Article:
there was once a great city with a king who loathed to see peasants lying on the streets and wanted them out of his sights, for he wanted his kingdom to be the most beautiful and happy of all the land.
One year, he created a small village outside the city near the forest, and there he conspired to cast away all the invalids and all manner of people with deformities and maladies. “It pains me so, but there is no other way…” the king said.
But before casting aside the invalids to the forest, the king had each one brought before him so he may judge their fitness and value for his kingdom. If they were to be found ill, he would send them off, but if they could offer service to his kingship, they could stay.
Hundreds of invalids passed by the king, until the knights brought forward a little boy who would not confess to any malady. The little boy was brought before the king and he stared in wonder at the tall, golden-plated pillars of the palace.
“What a beautiful palace you have!” the boy said.
“Yes” the king responded… “Now, knights what is the problem with this one?”
“Every day his memory leaves him, and he knows not where he is or what his name is”
“Very well, …then toss him aside as well” said the king, and the boy was sent off with the lot.
And so it came to pass that the king rid his kingdom of all ill people, and only the most beautiful and healthy people resided therein. He covered every tower peak with gold and every gate with silver. But despite this, the townspeople grew anxious and unhappy as they compared one another for their beauty and envied always one another. The golden plated kingdom grew heavy with vanity and greed. And so one day the king summoned his brightest men to try to explain why it is that everyone was yet more unhappy in his new paradise. None could offer an answer until an old man came to the king’s palace to try and explain to him. “My king, there are rumors that the village of outcasts is the most joyful place in all the land” he said “And your townspeople despair continually at the thought of losing their elegance and glamour.”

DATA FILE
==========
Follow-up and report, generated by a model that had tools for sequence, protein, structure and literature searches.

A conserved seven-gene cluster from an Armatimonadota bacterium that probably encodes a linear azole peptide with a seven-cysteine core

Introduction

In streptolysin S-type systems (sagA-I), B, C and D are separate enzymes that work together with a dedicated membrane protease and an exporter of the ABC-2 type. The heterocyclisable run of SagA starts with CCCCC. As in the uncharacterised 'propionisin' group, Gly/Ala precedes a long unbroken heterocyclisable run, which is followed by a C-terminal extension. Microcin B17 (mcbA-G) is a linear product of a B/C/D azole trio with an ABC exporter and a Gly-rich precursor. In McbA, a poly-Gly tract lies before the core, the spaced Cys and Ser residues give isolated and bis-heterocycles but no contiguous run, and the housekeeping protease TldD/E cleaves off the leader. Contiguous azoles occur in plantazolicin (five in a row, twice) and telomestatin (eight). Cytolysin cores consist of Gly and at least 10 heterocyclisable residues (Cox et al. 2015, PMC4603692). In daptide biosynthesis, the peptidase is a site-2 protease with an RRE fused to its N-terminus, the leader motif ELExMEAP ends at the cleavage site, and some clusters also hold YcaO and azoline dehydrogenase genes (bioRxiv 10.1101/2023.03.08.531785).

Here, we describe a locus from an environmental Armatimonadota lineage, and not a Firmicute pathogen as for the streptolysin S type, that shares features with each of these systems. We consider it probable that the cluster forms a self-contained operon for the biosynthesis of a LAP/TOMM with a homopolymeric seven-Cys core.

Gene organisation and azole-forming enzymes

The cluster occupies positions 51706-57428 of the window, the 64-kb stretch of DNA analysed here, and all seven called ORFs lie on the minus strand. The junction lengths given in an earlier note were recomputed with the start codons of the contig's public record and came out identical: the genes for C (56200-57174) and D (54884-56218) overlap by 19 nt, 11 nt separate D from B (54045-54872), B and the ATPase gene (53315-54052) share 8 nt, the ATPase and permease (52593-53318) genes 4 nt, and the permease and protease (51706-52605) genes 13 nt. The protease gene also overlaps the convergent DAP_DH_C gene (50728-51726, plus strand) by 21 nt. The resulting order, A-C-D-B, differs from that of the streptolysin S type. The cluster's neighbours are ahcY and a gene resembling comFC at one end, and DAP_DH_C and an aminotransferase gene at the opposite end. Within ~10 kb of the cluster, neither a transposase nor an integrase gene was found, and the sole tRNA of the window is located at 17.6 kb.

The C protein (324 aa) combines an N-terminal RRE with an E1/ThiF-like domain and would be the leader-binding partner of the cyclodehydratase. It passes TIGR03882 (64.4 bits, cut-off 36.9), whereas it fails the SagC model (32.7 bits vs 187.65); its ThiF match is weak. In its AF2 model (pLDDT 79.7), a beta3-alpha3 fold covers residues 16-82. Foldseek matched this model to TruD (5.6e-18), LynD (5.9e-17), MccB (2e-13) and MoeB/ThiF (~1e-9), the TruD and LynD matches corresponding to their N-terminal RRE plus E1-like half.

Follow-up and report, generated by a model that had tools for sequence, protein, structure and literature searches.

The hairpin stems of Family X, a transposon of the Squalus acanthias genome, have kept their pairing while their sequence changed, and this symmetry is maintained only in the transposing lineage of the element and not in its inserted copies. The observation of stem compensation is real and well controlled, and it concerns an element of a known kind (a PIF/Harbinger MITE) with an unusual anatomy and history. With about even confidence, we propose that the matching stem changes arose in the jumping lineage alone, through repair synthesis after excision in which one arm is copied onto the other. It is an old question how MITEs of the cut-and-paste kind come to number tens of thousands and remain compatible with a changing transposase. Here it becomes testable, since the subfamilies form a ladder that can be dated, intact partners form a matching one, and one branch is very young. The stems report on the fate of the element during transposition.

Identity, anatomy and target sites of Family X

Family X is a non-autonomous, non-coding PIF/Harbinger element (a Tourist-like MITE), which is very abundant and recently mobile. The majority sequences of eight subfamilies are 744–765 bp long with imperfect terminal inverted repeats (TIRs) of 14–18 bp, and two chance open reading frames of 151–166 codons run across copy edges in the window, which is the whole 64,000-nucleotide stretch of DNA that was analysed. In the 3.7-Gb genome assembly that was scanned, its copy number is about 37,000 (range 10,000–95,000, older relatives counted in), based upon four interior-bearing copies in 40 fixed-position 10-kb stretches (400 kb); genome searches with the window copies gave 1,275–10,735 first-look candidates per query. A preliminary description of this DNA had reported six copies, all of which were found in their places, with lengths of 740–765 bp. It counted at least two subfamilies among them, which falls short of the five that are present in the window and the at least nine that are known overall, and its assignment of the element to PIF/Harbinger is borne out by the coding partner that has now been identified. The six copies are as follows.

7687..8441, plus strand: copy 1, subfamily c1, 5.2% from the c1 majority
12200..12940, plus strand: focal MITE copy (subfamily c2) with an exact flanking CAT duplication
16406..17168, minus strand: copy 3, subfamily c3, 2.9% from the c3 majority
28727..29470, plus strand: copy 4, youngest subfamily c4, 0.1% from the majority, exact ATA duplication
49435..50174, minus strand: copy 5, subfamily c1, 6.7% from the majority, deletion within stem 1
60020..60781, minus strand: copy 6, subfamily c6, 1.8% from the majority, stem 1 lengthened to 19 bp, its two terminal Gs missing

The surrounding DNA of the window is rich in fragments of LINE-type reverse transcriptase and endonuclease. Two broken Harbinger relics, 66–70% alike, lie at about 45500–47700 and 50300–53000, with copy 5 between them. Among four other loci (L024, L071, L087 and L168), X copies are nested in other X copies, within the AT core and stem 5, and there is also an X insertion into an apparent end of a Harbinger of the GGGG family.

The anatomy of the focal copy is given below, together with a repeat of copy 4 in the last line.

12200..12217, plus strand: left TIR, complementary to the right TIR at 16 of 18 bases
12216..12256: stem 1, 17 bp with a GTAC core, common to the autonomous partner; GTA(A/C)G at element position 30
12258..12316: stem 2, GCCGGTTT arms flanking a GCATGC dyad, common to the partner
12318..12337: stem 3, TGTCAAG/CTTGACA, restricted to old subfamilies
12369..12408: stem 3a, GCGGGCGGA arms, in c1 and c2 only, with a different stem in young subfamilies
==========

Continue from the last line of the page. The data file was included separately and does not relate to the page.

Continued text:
“What is this?!” the king said, and went himself to the outcast village and saw the crippled limping along, the blind telling jokes together, and the deaf laughing. Then he saw the boy with memory-lapse, and he asked him “Why are you so happy?”
“Look at this forest, isn’t it beautiful?” the boy said.
The king looked around; it was indeed quite beautiful.
“Yes, but what about your condition? What is wonderful about that?”
“What condition?” answered the boy, and went off to play.
And the king returned back to the palace in bewilderment. He then summoned the old man and asked him to explain.
“That boy’s name is Augen. The cripples love him the most, for he remembers nothing of how the world ought to look, and is amazed anew every day at all the things he sees. His heart lifts the spirits of the people.”
“But what of their illnesses? Why are they not in misery?”
“My king, misery comes not from the pain of the body, but from the unhappiness of the heart. A heart which compares itself endlessly to an image of perfection can never be fulfilled, but a heart that is content with nothing will suffer no sickness. Your kingdom has a sickness of the heart, and you have cast aside the medicine.”
The king was filled with remorse, and had his knights beckon back the outcasts from the village but they would not come. And the forest village grew into a beautiful town beneath the cedar trees.